Teenage cancer survivor creates ‘Wall of Courage’ at Beaumont


It's been eleven years since Josh Griffin, 16, was diagnosed with cancer. And when time came for the Farmington Hills teen to develop a community service project in his efforts to become an Eagle Scout he decided to pay tribute to Beaumont Hospital.

Josh began planning his "Wall of Courage" over a year ago. On January 29 it was installed under his watchful eye at Beaumont's Cancer Center in Royal Oak.

"I've been cancer free for almost eleven years," explains Josh. "This project is my way of giving back to Beaumont for the great care I received. My medical team from the pediatric oncology program was awesome.  At the same time, I hope my wall inspires other cancer patients and their families."

The "Wall of Courage" is comprised of plaques, each with an encouraging message.  Josh sold each plaque for $100 with all the money supporting Beaumont's Pediatric Hematology Oncology Fund. To date nearly $6,000 has been collected. The wall can accommodate 70 plaques. He'd also like to add a second wall which could potentially raise an additional $10,000.

Naturally Scott Griffin, Josh's dad, is very proud of his son, "Between the carpenters, suppliers, handyman, Boy Scouts, friends and his parent's support, he's done a wonderful job of planning, organizing, supervising and managing this whole project." 

Josh, a junior at Southfield Christian High School, began scouting six years ago. The rank of Eagle Scout is the highest attainable by the Boy Scouts of America. Along with scouting, he's a member of the high school basketball team.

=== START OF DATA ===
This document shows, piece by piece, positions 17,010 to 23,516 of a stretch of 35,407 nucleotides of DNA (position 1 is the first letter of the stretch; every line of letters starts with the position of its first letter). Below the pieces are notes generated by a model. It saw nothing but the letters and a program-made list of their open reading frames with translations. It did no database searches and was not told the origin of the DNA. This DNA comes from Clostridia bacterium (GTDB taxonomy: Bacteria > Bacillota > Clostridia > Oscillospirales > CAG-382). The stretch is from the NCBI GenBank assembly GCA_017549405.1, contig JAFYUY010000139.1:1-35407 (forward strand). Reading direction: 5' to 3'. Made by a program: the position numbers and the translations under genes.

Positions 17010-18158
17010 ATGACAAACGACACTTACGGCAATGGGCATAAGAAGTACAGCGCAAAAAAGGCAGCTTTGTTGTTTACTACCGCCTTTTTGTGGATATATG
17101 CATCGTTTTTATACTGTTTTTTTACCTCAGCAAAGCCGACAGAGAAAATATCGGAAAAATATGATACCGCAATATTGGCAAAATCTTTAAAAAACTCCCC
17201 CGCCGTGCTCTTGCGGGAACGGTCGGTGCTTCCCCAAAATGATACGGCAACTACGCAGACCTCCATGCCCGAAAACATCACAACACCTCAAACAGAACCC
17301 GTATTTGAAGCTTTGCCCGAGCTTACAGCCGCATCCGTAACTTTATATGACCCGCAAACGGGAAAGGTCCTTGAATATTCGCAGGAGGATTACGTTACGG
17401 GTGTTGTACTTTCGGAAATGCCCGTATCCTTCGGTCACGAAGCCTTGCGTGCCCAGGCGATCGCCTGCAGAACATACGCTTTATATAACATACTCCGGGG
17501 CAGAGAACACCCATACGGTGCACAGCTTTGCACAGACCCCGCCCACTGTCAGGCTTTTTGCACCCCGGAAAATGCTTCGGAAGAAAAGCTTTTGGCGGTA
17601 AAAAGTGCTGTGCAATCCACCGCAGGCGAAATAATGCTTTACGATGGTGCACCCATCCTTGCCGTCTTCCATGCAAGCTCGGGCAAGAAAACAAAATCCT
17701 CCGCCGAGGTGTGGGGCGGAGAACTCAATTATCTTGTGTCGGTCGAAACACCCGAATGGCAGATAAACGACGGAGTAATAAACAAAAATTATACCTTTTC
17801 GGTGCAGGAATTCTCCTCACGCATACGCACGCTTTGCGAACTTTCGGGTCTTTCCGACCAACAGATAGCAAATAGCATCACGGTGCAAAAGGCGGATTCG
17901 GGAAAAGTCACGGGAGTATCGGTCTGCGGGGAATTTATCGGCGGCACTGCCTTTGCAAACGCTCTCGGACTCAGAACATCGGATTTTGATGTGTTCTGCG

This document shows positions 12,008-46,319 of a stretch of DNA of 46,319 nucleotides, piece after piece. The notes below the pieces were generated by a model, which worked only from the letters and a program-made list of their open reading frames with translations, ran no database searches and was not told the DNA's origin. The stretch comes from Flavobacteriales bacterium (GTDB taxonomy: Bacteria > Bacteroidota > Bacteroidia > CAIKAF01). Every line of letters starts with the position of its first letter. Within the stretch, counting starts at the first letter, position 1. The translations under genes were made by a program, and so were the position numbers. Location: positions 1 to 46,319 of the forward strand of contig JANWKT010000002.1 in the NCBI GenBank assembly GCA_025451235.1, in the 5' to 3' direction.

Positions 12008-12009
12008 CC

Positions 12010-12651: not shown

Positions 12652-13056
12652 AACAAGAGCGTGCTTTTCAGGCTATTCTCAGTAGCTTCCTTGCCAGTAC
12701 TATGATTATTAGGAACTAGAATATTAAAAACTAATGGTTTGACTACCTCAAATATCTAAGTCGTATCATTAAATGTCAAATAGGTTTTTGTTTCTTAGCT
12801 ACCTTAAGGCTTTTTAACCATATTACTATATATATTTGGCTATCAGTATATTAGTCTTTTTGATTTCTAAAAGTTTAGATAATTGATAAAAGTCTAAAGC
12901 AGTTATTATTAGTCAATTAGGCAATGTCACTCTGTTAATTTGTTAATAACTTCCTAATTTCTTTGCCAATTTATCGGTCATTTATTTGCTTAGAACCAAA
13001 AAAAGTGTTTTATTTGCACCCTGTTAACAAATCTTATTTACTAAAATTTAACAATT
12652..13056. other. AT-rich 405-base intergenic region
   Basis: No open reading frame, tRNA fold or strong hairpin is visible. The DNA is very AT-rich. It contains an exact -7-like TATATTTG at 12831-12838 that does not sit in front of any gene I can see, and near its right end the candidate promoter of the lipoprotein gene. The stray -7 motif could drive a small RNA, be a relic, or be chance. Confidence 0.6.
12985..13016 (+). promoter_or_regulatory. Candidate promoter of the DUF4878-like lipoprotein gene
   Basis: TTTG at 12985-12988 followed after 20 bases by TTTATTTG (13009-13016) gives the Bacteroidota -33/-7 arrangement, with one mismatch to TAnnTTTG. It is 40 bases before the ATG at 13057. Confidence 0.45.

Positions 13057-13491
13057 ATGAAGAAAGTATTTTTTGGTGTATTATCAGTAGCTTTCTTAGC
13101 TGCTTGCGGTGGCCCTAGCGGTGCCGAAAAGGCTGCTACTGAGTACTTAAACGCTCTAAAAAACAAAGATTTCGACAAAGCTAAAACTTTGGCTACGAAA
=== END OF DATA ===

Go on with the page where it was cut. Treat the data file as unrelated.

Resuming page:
"Josh is all about encouragement.  In fact, he was recognized at his middle school for being the most encouraging student. In the years following his cancer treatment, Josh sent letters and cards to other children with cancer offering them words of hope and encouragement," says his dad. "His wall embodies that same spirit."

Beaumont is a National Cancer Institute-designated Community Clinical Oncology Program, which provides community access to groundbreaking cancer research trials and treatment.  Cancer centers at Beaumont's Royal Oak and Troy hospitals bring together in one location the majority of services a person with cancer might need, including resource centers that make information and support readily available.  Beaumont's full range of cancer services also includes care provided through the offices of Beaumont doctors in the community.